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    ABSTRACT: A subgroup of patients with Tourette's disorder (TD) has symptoms refractory to haloperidol, a standard therapeutic drug for TD. We report on three cases of pediatric and adolescent patients who were treated with paliperidone extended release. In two cases, TD symptoms were remarkably improved by switching from haloperidol to paliperidone extended release, and in another case, paliperidone extended release showed significant efficacy in treating TD symptoms as the first-line drug. In all cases, no significant adverse side effects were detected. Paliperidone extended release may be a strong candidate for the treatment of pediatric and adolescent patients with TD.
    Full-text · Article · May 2014 · Annals of General Psychiatry
    • "Children with ADHD may also present with comorbid tic disorders or Tourette syndrome (TS). It is estimated that 60–70% of children with TS will also meet diagnostic criteria for ADHD (Swain et al. 2007). The presence of tics can complicate treatment planning because of concerns that pharmacological treatment can exacerbate tic symptoms. "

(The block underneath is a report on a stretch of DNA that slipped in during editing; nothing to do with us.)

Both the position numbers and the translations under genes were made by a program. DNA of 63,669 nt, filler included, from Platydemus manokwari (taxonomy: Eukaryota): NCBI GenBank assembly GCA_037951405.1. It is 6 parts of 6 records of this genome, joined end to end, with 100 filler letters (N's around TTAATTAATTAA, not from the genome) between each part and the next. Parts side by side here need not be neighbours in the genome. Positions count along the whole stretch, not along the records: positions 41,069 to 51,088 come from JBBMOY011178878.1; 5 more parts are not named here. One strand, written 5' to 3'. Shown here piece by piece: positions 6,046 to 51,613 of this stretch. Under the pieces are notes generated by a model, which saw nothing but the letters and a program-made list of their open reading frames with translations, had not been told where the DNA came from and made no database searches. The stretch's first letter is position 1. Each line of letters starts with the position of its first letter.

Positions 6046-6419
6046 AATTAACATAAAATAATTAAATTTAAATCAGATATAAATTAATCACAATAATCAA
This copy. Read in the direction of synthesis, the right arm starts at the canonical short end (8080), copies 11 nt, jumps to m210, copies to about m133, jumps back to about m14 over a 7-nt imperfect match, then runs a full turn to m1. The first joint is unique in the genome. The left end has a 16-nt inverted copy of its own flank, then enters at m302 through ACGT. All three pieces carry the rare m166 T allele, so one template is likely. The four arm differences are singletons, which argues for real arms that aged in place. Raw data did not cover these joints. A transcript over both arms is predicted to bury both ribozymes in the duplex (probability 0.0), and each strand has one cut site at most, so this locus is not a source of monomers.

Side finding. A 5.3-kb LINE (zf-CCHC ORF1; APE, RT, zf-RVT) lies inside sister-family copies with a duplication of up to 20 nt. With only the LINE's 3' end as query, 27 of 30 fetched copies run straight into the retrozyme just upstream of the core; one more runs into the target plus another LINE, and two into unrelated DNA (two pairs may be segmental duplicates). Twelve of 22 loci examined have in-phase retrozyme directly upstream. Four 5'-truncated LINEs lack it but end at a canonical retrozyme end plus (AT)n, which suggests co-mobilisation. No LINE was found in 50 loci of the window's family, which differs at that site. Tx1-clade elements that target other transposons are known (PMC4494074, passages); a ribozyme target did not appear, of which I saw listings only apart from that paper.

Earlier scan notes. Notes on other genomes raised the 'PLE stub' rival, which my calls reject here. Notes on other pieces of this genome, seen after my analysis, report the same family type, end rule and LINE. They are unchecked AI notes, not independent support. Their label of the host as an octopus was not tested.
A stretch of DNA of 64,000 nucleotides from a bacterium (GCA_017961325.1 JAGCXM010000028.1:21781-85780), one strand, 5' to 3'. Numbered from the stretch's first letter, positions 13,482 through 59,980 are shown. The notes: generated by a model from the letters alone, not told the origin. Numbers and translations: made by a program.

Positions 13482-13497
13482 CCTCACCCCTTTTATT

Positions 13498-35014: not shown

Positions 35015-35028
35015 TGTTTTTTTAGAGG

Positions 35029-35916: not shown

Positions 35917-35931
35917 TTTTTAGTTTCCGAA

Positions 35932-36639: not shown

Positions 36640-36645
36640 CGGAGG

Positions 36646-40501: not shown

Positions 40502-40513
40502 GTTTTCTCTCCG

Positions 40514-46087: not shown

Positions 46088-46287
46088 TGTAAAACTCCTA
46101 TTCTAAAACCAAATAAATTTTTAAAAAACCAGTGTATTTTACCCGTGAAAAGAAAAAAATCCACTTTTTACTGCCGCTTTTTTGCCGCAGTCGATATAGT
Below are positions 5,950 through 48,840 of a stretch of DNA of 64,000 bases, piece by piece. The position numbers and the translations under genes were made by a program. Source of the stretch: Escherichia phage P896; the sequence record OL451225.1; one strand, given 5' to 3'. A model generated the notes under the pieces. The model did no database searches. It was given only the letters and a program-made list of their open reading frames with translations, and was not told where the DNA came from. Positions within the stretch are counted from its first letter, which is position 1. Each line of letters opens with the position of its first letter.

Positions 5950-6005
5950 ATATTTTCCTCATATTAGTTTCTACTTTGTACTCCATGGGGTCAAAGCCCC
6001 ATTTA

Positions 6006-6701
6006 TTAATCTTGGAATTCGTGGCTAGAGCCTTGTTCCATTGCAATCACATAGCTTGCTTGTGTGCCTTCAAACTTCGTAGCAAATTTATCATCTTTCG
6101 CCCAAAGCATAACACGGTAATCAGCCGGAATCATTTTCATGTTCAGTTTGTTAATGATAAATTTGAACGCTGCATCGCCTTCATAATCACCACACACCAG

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    ABSTRACT: Attention-deficit hyperactivity disorder (ADHD) is a complex disorder that can affect individuals across the lifespan. It is associated with substantial heterogeneity in terms of aetiology, clinical presentation and treatment outcome and is the subject of extensive research. Because of this, it can be difficult for clinicians to stay up to date with the most relevant findings and know how best to respond to parents' questions and concerns about the disorder and interventions. This is a narrative review that aims to summarize key findings from recent research into ADHD and its treatment that clinicians can share with families in order to increase their knowledge about ADHD and intervention options. ADHD develops as a result of complex interplay between interdependent genetic and non-genetic factors. The disorder is associated with substantial impairments in functioning and poor long-term outcomes. Pharmacological and non-pharmacological treatment options are available for symptom management and to improve function, but functioning outcomes often fail to normalize in children with ADHD. Despite extensive advances in understanding this complex disorder, it is clear that there is still a long way to go. In particular, we address the need for future non-pharmacological interventions to be more specifically targeted for ADHD symptoms and its commonly associated functioning deficits in order to ensure the best long-term outcomes for children with ADHD.